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June 10: The Biro

Lawrence Bush
June 10, 2010

220px-Bolígrafo_marca_birome_ILaszlo Biro, a Hungarian journalist, sculptor and hypnotist, filed a patent in Argentina with his brother Georg for the modern ballpoint pen (called a “Biro” through much of Europe) on this date in 1943. Biro had already patented one version of his pen with fast-drying ink in 1938 in Paris. After escaping the Nazis by traveling to Argentina in 1940, he founded a company to manufacture the Biro, which was licensed to the British Royal Air Force for its usefulness as a writing utensil at high altitudes. The patent was bought by Marcel Bich in 1950 and became the main product of the Bic company, which by the late 1950s held 70 percent of the European market for writing utensils. Biro died in Argentina in 1985. Inventor’s Day is celebrated in his adopted land on his birthday, September 29th. Some fourteen million pieces of his invention are bought daily around the world.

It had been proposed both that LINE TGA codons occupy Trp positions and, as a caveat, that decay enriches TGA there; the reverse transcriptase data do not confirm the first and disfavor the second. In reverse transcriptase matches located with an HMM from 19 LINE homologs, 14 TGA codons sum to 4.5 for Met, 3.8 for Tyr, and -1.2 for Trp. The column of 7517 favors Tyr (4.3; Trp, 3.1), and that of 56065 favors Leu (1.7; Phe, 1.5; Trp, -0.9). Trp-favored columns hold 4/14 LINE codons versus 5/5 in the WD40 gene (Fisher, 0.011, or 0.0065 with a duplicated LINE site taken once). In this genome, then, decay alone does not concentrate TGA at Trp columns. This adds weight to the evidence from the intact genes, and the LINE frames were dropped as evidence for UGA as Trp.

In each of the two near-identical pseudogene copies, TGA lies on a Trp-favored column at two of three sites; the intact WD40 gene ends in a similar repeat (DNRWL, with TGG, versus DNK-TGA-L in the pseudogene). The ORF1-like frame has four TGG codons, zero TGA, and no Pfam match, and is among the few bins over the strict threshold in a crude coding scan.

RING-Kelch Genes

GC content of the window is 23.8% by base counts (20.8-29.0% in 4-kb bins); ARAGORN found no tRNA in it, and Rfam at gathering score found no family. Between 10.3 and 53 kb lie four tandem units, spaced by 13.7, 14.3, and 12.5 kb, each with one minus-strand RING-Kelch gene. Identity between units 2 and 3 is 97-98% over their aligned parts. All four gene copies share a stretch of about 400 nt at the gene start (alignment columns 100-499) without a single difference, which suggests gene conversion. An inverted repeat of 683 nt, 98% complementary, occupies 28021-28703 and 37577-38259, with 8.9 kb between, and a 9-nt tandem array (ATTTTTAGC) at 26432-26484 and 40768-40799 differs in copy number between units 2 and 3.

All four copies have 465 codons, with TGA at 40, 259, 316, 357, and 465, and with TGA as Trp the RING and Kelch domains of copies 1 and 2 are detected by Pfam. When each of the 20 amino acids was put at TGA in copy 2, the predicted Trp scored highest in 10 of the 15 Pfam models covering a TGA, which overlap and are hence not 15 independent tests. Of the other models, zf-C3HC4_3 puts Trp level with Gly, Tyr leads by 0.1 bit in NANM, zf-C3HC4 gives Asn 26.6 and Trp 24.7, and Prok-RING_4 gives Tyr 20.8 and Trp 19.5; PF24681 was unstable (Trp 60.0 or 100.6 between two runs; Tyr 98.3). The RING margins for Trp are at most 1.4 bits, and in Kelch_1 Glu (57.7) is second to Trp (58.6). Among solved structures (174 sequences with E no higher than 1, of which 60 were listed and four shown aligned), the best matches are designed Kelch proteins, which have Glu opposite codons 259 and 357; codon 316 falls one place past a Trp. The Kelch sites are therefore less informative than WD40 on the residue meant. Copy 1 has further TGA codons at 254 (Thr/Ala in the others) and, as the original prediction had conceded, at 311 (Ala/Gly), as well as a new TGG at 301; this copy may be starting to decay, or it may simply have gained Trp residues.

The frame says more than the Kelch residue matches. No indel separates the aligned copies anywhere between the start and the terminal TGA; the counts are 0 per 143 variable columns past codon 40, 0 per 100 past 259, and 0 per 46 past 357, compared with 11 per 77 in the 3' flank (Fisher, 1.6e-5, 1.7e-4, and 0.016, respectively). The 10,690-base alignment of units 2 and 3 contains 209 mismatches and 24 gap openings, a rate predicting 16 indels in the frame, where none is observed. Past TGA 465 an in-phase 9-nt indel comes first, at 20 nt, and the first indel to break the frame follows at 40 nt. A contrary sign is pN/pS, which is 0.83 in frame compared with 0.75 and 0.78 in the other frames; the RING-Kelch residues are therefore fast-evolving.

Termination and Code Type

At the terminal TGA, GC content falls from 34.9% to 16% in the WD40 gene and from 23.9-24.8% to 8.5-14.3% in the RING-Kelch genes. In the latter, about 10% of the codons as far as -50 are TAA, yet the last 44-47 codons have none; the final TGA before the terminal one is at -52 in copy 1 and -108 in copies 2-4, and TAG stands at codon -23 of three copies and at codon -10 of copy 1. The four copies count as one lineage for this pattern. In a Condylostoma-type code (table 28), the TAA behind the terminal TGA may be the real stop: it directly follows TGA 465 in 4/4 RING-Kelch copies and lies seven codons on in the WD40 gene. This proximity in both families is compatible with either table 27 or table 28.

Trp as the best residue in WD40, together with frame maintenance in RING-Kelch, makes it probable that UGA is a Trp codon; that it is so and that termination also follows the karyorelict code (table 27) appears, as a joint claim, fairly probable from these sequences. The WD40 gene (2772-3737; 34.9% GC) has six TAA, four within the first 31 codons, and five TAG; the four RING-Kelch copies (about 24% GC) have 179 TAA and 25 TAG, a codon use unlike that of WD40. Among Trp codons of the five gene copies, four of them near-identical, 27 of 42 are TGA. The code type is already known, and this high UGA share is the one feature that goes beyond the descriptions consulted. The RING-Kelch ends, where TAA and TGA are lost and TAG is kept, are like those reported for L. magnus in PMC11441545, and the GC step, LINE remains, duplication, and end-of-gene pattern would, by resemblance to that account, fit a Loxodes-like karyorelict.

“[F]antastic . . . miraculous fountain pen . . . guaranteed to write for two years without refilling!” —from a 1945 Gimbels ad in the New York Times. The department store sold out its entire stock of 10,000 pens at $12.50 each on the first day of sales.

​​​​Lawrence Bush edited Jewish Currents from 2003 until 2018. He is the author of Bessie: A Novel of Love and Revolution and Waiting for God: The Spiritual Explorations of a Reluctant Atheist, among other books. His new volume of illustrated Torah commentaries, American Torah Toons 2, is scheduled for publication this year.